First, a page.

It’s certain that at least some reports of ghostly black dogs were actually encounters with ordinary dogs that happened to be black. As we talked about last week in the Dover demon episode, many animals that are active at night exhibit eyeshine as light reflects off the tapetum lucidum. This helps the animal see better in the dark. The color of a dog’s eyeshine depends on what color its eyes are but also depends on how much zinc or riboflavin is present in the pigments of its eyes, how old the dog is, and what breed it is. A dog’s eyes can shine white, green, yellow, blue, purple, orange, or red. Some dogs even have different colored eyes, so that one eye shines yellow but the other shines green, or some other combination. A big dog with a black or dark brown coat, which would look black at night, which also has orange or red eyeshine, might be mistaken for the Black Shuck when encountered on a road at night by someone who’s already familiar with the local legends.

That doesn’t explain the ghostly dogs that vanish into thin air or walk through walls, though. Don’t ask me to explain those. I love a good ghost story and I’m just going to appreciate how spooky those accounts are without worrying too much about what the black dog really is.

Let’s move on from ghostly dogs to some mystery canids. We’ll start with one that we know exists but which is probably the least well known canid in the world.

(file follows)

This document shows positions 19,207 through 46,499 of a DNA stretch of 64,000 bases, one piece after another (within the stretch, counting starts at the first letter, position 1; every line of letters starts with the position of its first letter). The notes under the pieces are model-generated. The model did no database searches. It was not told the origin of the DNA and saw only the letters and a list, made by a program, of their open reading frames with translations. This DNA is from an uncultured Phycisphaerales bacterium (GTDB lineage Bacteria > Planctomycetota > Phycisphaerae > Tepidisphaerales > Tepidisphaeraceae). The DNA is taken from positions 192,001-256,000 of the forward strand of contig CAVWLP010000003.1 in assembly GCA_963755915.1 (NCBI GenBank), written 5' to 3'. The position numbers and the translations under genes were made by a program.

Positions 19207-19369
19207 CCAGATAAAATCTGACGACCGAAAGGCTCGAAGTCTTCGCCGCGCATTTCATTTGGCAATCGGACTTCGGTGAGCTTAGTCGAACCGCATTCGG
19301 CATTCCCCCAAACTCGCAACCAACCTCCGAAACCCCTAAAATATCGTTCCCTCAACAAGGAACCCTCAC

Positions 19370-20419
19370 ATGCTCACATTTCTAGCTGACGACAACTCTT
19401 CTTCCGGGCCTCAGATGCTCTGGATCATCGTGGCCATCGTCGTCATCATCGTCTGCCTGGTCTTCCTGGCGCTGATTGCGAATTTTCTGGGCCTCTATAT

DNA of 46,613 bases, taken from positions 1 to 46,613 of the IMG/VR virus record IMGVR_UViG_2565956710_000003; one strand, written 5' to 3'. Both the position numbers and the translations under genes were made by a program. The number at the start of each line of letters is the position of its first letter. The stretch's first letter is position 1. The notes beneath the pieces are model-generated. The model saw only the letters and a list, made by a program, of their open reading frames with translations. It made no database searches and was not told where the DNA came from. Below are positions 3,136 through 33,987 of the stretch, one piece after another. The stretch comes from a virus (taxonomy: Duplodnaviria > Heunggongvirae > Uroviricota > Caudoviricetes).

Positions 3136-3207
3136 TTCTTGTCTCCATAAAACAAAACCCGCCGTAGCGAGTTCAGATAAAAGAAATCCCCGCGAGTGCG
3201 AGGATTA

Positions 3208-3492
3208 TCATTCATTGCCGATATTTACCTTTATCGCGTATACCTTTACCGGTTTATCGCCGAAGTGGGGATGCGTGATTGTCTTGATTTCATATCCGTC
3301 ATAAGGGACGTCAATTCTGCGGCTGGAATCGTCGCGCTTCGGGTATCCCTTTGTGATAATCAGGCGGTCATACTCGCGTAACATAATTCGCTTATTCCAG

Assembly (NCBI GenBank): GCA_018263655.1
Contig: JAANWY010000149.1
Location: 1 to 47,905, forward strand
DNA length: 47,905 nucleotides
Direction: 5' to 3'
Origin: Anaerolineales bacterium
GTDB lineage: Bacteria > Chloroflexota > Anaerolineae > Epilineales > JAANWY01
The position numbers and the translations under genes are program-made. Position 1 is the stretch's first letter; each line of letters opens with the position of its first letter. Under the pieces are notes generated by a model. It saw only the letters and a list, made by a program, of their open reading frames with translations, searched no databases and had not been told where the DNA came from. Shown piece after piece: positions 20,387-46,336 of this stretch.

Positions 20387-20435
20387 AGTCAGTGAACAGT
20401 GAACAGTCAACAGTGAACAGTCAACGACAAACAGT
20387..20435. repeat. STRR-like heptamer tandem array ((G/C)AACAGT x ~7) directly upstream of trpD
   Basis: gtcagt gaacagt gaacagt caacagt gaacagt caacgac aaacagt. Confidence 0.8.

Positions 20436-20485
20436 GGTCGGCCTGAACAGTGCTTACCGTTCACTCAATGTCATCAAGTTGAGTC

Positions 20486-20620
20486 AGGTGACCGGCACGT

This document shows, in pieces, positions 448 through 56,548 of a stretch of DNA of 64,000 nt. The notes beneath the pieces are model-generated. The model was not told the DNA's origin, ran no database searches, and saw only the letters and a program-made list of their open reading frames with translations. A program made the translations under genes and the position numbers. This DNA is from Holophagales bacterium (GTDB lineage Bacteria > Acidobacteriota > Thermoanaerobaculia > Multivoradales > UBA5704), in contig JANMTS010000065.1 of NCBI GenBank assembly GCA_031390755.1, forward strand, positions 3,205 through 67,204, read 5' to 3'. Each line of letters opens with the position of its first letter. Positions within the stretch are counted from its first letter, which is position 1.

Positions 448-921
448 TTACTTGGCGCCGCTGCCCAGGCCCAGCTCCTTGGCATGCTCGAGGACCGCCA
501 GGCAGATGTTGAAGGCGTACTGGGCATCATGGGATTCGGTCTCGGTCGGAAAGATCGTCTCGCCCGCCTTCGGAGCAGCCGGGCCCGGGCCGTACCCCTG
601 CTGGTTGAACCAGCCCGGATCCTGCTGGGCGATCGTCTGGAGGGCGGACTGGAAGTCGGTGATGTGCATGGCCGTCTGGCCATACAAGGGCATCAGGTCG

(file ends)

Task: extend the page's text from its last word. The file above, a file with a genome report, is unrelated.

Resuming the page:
The short-eared dog lives in the Amazon rainforest and is sometimes called a ghost dog because of how shy and elusive it is. It’s the only member of its own genus. It has short legs, small, rounded ears, and a fox-like muzzle and tail. It varies in color from reddish to almost blue, but is usually brown or gray. It has partially webbed toes since it lives in wet areas. Females are considerably larger than males and instead of living in packs like many canids do, it seems to be a solitary animal. It eats small animals of various kinds, including frogs, fish, birds, crabs, and insects, and it also eats a lot of fruit. And that’s about all we know right now.

Starting in 2015, researchers placed camera traps in the southern Amazon rainforest to take pictures of mammals that lived in the area. To the team’s surprise, they kept getting photos of the short-eared dog. Some of the researchers had spent years working in the area but had never seen one of the dogs before. Many locals have never seen them either. But they kept showing up on camera.